The research team successfully had participants swallow a minimally invasive vibrating capsule to measure neural responses during gastrointestinal stimulation, providing a novel approach to study this intricate connection. The capsule was developed by Vibrant Ltd. Participants in the study included healthy adult male and female volunteers ages 18-40. The researchers found that the volunteers were able to sense the stimulation of the vibrating capsule under two conditions: normal and enhanced. The enhanced stimulation condition led to improved perceptual accuracy, faster detection of the stimulation, and reduced variability in reaction time, indicating potential for studying this method in different clinical populations. This is a significant breakthrough as it demonstrates the feasibility of this novel approach to studying gut feelings.
The researchers also discovered the “gastric evoked potential,” a late neural response in certain areas of the brain specifically induced by capsule stimulation. These neural responses increased in amplitude depending on the intensity of the stimulation and were significantly correlated with perceptual accuracy. This discovery provides a new way to measure and understand the neural processes governing the gut-brain connection.
“We were able to localize most of the capsule stimulations to the gastroduodenal segments of the digestive tract using abdominal X-ray imaging,” said Dr. Sahib Khalsa, a psychiatrist and neuroscientist at LIBR, and senior author of the study. “This finding is crucial as it provides a more precise understanding of where these gut-brain interactions are originating.”
“The potential clinical implications for the results of this study are substantial,” said Dr. Khalsa. “The vibrating capsule method could transform the clinical approach to disorders of gut-brain interaction, including eating disorders and certain gastrointestinal disorders such as irritable bowel syndrome (IBS) or functional dyspepsia.”
Dr. Khalsa continued. “This would provide a much-needed tool for assessing gut sensation in these conditions and could lead to more personalized and effective treatment strategies. It also opens up the possibility of identifying perceptual or biological mediators of successful treatment, which could serve as predictive markers for future therapeutic interventions.”
The research team was led by senior author Sahib Khalsa, MD, PhD, Director of Clinical Operations at the Laureate Institute for Brain Research and Associate Professor in the Oxley College of Health Sciences at The University of Tulsa. Co-first authors on the study were Ahmad Mayeli, PhD and Obada Al Zoubi, PhD who were a PhD student and postdoctoral scholar, respectively, from LIBR at the start of the project.
The research was supported by the National Institute of Mental Health and the Laureate Institute for Brain Research and was conducted at LIBR between September 2019 and February 2022.
CONTACT: For more information about the project, contact Sahib Khalsa, MD, PhD, at Laureate Institute for Brain Research at email@example.com.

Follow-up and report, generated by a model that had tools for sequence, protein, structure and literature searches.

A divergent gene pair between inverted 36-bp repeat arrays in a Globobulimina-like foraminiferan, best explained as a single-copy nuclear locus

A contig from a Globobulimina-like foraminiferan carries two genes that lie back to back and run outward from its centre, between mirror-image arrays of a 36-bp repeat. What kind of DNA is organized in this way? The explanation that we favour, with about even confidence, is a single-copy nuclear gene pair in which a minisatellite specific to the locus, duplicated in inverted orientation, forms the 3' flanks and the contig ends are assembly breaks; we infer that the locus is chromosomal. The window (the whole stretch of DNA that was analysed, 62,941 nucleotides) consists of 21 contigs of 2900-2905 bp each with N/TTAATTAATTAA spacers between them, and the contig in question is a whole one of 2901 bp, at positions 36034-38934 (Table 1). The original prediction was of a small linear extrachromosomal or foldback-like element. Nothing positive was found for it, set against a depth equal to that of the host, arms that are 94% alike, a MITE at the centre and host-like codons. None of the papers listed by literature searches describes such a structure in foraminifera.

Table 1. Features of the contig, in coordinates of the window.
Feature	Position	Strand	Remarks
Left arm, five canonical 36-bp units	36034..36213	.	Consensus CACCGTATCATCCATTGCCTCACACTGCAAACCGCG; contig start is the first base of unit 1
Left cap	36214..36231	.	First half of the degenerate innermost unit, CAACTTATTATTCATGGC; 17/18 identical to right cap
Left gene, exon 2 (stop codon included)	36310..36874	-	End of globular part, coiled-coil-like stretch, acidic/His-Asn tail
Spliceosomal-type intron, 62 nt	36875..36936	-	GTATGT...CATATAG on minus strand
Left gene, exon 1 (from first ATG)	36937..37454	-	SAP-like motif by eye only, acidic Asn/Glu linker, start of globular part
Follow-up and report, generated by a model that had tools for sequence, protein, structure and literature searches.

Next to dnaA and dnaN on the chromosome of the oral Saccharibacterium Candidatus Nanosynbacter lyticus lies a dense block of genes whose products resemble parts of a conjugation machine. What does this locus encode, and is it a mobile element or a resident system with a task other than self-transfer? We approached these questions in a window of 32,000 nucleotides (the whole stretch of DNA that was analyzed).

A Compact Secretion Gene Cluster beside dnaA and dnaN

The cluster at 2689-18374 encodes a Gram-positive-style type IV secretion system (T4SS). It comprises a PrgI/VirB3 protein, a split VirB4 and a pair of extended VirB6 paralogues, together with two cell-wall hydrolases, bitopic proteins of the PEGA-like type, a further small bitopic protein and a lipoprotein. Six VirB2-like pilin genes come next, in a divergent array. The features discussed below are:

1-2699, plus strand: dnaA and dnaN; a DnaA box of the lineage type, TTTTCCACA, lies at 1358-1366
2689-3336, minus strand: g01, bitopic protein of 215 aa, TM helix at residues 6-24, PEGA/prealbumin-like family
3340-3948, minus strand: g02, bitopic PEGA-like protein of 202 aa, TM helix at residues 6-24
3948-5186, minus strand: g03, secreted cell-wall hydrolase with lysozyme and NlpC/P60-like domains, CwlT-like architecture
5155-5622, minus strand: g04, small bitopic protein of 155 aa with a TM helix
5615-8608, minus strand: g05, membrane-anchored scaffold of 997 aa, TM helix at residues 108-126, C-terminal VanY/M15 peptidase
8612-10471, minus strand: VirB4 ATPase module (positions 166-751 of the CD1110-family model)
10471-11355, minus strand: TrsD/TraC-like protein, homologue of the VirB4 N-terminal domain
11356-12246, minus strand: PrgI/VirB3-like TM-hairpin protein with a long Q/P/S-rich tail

The research of Dr. Martin Paulus, Scientific Director and President of Laureate Institute for Brain Research (LIBR) focuses on three main areas:
Q: You recently co-authored a review (Screen Media Activity in Youth: A Critical Review of Mental Health and Neuroscience Findings) that looks at the relationship between screen media activity (SMA), mental health, and brain processes. What are researchers finding that will be most useful to parents?
A: As parents, it's crucial to be aware of how Screen Media Activity (SMA) - time spent on screens like TVs, computers, mobile phones, and video games - can affect your child's mental health and overall well-being. One of the most important research findings involves the how SMA affects sleep. Excessive time spent on screens, particularly watching videos and playing video games, can negatively impact your child's sleep. This includes shorter sleep times and more difficulty falling asleep. It's particularly important for young girls who spend a lot of time on their smartphones, as they're more likely to have sleep problems. Consider setting boundaries for screen time, especially before bed, to help ensure a good night's sleep.
Q: Some parents say when their kids spend a lot of time online it affects their mood. Do the research findings support this?
A: Researchers have found that spending too much time on screens can increase the risk of emotional problems like depression and anxiety in children and teenagers. Using social media for extended periods can also lead to increased feelings of family conflict and reduced support from friends and family. Be aware of your child's online habits and ensure they have plenty of opportunities for offline social interactions.
Q: The relationship between screen time and attention or thinking skills isn’t exactly straightforward. Can you share what that means for parents?
A: Some studies suggest that playing video games might improve attention, but more research is needed. Importantly, juggling multiple forms of media at the same time - like texting while watching TV - can be associated with issues like impulsiveness and lower working memory but it is not clear from the research which is cause and which is consequence. Nevertheless, I would suggest to encourage your child to focus on one activity at a time.
Q: What are some other SMA effects researchers are studying?
A: The effects of screen time can vary widely. For instance, more screen time can be linked to unhealthy eating habits and weight gain, lower emotional understanding, and poorer academic performance. But, it doesn't necessarily mean your child will be less physically active. Interestingly, watching TV and playing video games can affect children and teenagers differently. Excessive screen time has also been linked to a range of behavioral and learning issues. It's important to monitor your child's screen time and encourage a range of activities beyond screens.